Pathophysiology Of Caustic Injuries Alkali

Alkali injuries can induce deep tissue injury from liquefaction necrosis. After caustic alkali exposures, proteins are rapidly denatured and lipids undergo saponification. Initially, there is direct cellular destruction from contact with the alkali. This is followed by thrombosis of local microvasculature that leads to further tissue necrosis. Solid or granular alkali caustics often injure the oropharynx and proximal esophagus. Liquid alkali ingestions are characterized by esophageal injuries. Severe intentional alkali ingestion may cause multisystem organ injuries, including gastric perforation, and necrosis of abdominal viscera. Severe injuries to the pancreas, gallbladder, and small intestine after intentional ingestion have been reported. 2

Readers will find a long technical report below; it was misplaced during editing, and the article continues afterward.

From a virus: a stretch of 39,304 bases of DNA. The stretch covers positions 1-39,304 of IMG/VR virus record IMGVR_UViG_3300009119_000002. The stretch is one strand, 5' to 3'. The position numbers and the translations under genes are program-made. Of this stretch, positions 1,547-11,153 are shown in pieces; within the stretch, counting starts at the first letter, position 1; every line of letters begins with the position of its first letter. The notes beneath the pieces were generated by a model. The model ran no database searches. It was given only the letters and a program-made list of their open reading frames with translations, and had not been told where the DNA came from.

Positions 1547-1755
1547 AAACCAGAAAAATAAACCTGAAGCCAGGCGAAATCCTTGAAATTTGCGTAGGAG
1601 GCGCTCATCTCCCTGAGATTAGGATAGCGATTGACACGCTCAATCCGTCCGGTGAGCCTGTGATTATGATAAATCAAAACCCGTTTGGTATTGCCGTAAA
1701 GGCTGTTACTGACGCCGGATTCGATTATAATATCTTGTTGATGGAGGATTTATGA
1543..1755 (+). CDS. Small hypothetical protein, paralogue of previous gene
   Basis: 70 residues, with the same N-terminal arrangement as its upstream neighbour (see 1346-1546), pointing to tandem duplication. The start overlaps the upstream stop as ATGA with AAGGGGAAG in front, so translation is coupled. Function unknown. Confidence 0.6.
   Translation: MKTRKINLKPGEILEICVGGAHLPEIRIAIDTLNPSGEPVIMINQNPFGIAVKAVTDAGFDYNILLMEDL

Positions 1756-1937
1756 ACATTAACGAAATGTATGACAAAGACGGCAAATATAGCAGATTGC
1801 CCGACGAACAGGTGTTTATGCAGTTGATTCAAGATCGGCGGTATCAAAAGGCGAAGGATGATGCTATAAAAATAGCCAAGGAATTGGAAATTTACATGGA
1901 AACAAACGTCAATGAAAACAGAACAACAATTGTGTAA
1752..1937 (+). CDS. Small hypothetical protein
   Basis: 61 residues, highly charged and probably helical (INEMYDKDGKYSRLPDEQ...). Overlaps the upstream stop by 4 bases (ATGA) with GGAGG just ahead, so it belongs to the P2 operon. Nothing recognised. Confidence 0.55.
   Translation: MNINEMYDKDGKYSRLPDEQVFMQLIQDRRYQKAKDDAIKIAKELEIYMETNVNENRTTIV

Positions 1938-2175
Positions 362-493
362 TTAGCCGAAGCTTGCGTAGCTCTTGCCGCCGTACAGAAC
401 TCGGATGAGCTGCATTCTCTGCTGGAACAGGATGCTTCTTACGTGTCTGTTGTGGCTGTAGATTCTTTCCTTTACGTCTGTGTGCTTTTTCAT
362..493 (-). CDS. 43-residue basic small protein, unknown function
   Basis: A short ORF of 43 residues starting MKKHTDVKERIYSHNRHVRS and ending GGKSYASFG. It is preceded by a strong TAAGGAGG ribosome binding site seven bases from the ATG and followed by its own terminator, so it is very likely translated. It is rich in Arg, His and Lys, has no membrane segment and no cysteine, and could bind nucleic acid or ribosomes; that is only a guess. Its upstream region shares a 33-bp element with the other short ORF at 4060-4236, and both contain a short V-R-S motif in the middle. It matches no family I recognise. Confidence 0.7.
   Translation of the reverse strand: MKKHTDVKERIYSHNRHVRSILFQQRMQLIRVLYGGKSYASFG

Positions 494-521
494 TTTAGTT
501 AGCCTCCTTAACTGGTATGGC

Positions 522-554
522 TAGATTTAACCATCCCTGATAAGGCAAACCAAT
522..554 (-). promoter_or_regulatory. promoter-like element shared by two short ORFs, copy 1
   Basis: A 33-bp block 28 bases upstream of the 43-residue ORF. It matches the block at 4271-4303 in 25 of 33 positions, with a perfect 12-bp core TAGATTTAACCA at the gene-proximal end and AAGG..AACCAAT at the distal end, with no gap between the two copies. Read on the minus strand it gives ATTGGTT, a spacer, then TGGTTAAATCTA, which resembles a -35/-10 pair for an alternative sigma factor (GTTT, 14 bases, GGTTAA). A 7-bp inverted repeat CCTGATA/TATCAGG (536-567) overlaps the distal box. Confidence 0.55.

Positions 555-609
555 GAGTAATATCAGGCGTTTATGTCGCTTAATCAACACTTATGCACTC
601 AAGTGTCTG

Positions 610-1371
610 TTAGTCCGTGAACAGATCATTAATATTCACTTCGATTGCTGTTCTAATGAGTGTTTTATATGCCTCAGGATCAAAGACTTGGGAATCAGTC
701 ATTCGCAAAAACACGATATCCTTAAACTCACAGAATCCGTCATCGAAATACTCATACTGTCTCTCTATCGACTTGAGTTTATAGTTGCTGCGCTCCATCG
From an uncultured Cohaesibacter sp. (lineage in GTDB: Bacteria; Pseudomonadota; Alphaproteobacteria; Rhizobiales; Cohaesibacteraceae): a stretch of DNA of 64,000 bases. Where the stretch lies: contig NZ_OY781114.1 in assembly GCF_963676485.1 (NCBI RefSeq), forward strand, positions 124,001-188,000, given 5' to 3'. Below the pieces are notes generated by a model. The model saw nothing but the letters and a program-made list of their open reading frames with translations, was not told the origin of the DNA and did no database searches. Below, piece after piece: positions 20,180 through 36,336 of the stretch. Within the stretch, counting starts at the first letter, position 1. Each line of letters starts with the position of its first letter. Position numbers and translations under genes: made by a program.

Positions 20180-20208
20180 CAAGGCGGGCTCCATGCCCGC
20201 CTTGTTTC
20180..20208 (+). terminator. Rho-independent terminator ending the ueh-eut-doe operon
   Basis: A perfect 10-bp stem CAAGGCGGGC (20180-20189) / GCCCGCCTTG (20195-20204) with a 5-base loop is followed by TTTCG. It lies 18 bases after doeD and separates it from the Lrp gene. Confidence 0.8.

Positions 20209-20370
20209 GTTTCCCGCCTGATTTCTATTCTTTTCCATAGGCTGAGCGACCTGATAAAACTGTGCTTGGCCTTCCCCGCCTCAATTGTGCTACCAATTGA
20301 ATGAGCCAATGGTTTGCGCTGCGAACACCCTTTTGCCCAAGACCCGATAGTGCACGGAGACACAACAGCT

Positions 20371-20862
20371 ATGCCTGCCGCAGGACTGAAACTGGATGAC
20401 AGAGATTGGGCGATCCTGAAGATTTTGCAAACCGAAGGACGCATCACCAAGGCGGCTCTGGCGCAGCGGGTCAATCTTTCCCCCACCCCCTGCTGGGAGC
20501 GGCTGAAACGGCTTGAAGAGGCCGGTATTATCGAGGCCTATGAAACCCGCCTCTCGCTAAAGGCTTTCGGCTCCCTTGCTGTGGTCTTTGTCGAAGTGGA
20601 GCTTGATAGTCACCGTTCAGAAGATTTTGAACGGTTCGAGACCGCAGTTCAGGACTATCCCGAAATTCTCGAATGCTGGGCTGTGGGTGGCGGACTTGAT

The most common household alkali is bleach, a 3% to 6% sodium hypochlorite solution with a pH of approximately 11. Household liquid bleach is not corrosive to the esophagus, but ingestion may cause emesis secondary to gastric irritation or pulmonary irritation related to chlorine gas production in the stomach or when mixed with other substances.3 Other injuries reported with bleach include pneumonitis after aspiration and sight-limiting ocular injuries. Industrial strength bleach may contain much higher concentrations of sodium hypochlorite, and ingestion may result in esophageal necrosis.

Solid alkali ingestions may have greater potential for proximal esophageal tract injury and less for distal injury.

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